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Farewell to crime solicitor Finbarr Hennessy

Thursday 31 January 2019 was a notable date for the Nottingham legal community as local defence practitioner Finbarr Hennessy  retired from practice.

Keeping a low profile

Although having spoken of a wish to retire for some time, his boundless enthusiasm for the job and wish to continue to provide representation for his longstanding client base meant that he continued to delay the inevitable.

In typical fashion, Finbarr sought to keep a low profile, and sought to avoid the (usually) inevitable collection, cards and farewell do.  This he managed successfully.

Nottingham Magistrates’ Court

Some thoughts on the changes to the job

Finbarr offered some thoughts on his departure from a job that he still loved:

“It seemed weird walking out of Nottingham Magistrates’ Court this afternoon after spending 23 years of my life in that building.

Video killed the radio star. Technology killed this out-dated solicitor.”

He confessed that he had “struggled since the day that speedy summary justice was introduced at the Magistrates’ Courts”, offering the view that “justice has gone out of the window to be replaced by “progress” and statistics. To get an adjournment is harder than keeping somebody out of prison.”

Additionally he identified that his “lack of technical expertise means that I am now less efficient than I was in 1995.”

Finbarr’s intention had been to ‘go out with a bang’, perhaps collapsing when bail was refused by the Magistrates or when a client had been wrongly sent to prison.  Unfortunately for him “I have had good results recently, so my blood pressure has remained stable.”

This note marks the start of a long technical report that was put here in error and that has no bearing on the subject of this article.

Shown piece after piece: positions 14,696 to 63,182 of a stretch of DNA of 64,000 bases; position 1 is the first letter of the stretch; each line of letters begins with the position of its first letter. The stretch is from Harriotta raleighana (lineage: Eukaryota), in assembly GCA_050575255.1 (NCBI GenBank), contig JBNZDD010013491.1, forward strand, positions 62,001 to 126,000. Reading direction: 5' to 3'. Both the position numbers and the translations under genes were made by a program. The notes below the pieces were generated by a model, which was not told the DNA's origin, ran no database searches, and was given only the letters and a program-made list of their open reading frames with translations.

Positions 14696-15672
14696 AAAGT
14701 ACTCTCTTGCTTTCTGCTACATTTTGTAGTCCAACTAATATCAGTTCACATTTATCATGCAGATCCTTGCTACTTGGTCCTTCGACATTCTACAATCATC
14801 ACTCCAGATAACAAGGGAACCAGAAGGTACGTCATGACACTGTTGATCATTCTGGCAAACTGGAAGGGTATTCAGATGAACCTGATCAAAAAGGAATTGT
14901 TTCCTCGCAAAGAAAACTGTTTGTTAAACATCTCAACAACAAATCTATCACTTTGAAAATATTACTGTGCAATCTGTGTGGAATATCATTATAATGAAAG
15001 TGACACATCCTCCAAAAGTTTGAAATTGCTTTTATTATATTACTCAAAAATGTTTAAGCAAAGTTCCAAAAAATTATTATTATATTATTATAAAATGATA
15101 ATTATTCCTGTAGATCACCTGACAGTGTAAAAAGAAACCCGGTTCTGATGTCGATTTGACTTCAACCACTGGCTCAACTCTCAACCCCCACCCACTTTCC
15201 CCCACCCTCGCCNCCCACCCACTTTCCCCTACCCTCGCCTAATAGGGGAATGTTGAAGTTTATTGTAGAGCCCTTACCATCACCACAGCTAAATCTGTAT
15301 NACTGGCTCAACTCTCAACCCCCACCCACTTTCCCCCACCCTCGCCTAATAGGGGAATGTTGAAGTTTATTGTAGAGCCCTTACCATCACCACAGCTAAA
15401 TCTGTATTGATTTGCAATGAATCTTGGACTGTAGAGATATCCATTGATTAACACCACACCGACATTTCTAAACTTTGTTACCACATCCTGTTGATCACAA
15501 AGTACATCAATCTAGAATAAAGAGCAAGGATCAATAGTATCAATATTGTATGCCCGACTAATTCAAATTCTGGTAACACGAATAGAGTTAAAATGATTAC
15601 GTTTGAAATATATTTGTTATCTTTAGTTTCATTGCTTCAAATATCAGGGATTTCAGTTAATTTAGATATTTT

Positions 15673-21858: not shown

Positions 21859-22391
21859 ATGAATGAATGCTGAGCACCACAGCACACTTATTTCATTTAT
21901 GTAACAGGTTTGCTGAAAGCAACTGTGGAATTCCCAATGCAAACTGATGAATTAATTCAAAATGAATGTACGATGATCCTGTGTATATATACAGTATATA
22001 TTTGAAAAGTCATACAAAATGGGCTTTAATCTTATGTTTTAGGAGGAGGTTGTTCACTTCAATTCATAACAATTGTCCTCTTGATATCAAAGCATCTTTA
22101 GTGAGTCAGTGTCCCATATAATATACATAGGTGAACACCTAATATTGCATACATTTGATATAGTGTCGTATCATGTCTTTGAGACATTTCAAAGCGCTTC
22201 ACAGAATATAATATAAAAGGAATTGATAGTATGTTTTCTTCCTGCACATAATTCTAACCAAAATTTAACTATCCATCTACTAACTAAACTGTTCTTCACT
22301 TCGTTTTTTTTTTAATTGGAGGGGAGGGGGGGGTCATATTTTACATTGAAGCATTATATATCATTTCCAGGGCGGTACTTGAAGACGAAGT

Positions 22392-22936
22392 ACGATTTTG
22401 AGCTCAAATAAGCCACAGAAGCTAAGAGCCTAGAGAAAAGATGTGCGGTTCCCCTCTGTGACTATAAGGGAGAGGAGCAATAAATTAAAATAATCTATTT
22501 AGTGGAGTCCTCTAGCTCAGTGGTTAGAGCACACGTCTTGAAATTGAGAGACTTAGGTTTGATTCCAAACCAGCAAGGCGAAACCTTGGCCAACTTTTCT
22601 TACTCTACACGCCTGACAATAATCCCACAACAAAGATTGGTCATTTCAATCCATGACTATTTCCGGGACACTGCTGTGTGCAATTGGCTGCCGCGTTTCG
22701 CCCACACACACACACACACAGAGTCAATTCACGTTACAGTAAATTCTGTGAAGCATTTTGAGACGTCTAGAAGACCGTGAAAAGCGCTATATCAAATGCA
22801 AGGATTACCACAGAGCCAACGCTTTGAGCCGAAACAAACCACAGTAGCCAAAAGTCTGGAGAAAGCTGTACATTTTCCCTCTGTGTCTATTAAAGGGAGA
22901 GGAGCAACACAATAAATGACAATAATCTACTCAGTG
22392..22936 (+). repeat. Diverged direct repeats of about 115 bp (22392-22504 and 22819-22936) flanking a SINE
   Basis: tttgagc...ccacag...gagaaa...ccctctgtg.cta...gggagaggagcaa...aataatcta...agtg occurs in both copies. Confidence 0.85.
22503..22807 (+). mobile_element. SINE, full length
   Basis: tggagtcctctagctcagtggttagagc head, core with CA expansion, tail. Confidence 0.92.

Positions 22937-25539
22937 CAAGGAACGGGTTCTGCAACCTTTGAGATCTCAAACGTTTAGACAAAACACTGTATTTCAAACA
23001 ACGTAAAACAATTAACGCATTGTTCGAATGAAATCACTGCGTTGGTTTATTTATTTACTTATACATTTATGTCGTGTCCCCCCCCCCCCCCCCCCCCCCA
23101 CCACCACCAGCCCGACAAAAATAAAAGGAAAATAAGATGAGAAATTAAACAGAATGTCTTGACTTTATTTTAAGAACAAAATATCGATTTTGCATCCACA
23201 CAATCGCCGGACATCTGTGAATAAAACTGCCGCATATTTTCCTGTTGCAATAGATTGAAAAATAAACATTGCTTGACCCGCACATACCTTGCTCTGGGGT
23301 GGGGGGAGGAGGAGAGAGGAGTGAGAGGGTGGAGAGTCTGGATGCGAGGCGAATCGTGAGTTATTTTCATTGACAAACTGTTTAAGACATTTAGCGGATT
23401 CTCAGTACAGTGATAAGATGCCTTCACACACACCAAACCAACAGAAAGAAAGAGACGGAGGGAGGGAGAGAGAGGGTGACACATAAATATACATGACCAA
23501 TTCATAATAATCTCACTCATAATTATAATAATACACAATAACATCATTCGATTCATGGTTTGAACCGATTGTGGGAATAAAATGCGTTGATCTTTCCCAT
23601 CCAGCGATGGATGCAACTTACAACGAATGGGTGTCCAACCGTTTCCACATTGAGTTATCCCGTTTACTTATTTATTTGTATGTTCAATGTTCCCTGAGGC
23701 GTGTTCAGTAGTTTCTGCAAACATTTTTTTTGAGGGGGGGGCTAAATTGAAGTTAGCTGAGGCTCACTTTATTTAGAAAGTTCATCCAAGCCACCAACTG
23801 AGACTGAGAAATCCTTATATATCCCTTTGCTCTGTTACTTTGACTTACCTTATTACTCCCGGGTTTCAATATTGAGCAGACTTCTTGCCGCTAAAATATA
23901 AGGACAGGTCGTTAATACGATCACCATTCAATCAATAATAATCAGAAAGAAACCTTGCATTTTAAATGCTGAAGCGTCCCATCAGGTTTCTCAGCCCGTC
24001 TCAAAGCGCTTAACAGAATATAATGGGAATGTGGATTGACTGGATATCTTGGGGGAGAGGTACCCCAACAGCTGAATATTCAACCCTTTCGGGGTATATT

His final assessment was “We are all replaceable. I only work 14 hours a week and I know that my position will easily be covered.”

Nottingham Bridewell police station

No doubt his clients will beg to differ, and will recognise the lengths that he went to on their behalf.  Clients and their families had his mobile number and he was effectively on call 24 hours a day, 7 days a week.  If families were distressed by the situation that, particularly, youth clients had found themselves in he would visit families at home in his spare time to try and help.

Client feedback on Finbarr Hennessy

Finbarr was described in glowing terms by any number of clients – ‘The solicitor I have is very good at his job’, ‘A1 Service thank you’ and ‘Finbarr Hennessy is an excellent solicitor and needs no improvement’.

It was all the more pleasing to note that following his move to VHS Fletchers when Campion & Co solicitors stopped undertaking criminal work, his clients still found their way to us and continued to receive the high level of service that they would expect.

Here a Crown prosecutor offers an opinion on his integrity:

finbarr hennessy

Thoughts from colleagues

Following news of Finbarr’s retirement, partner Jon Hullis said:

“You will always be very fondly remembered by everyone who has had the pleasure to work with you, as well as everyone at court, and especially your clients. You are genuinely the nicest person, and this is proved by the fact that even the police like you.”

Andy Siddall, partner, told Finbarr:

“Some people cannot be replaced.

Your dedication and commitment to your clients should be something all young Solicitors (and indeed some older ones) aspire to. In this dull digital age you will be greatly missed and never forgotten.”

Solicitor advocate William Bennett offered:

“You are and always were a diamond.  I wish you weren’t retiring but as you are I wish you well. Rest assured your position will never be “easily covered”.  It is hard to cover one of life’s true one-offs. I am  grateful to have worked with you.”

A final thought is from partner Nick Walsh:

“Your gift is that you care about people and your colleagues and clients will miss you because of it. Enjoy retirement, it is truly well deserved.”

We will try to continue to provide Finbarr’s clients with the standard of service that they have come to expect, although they will agree that he is irreplaceable.

Nottingham Crown Court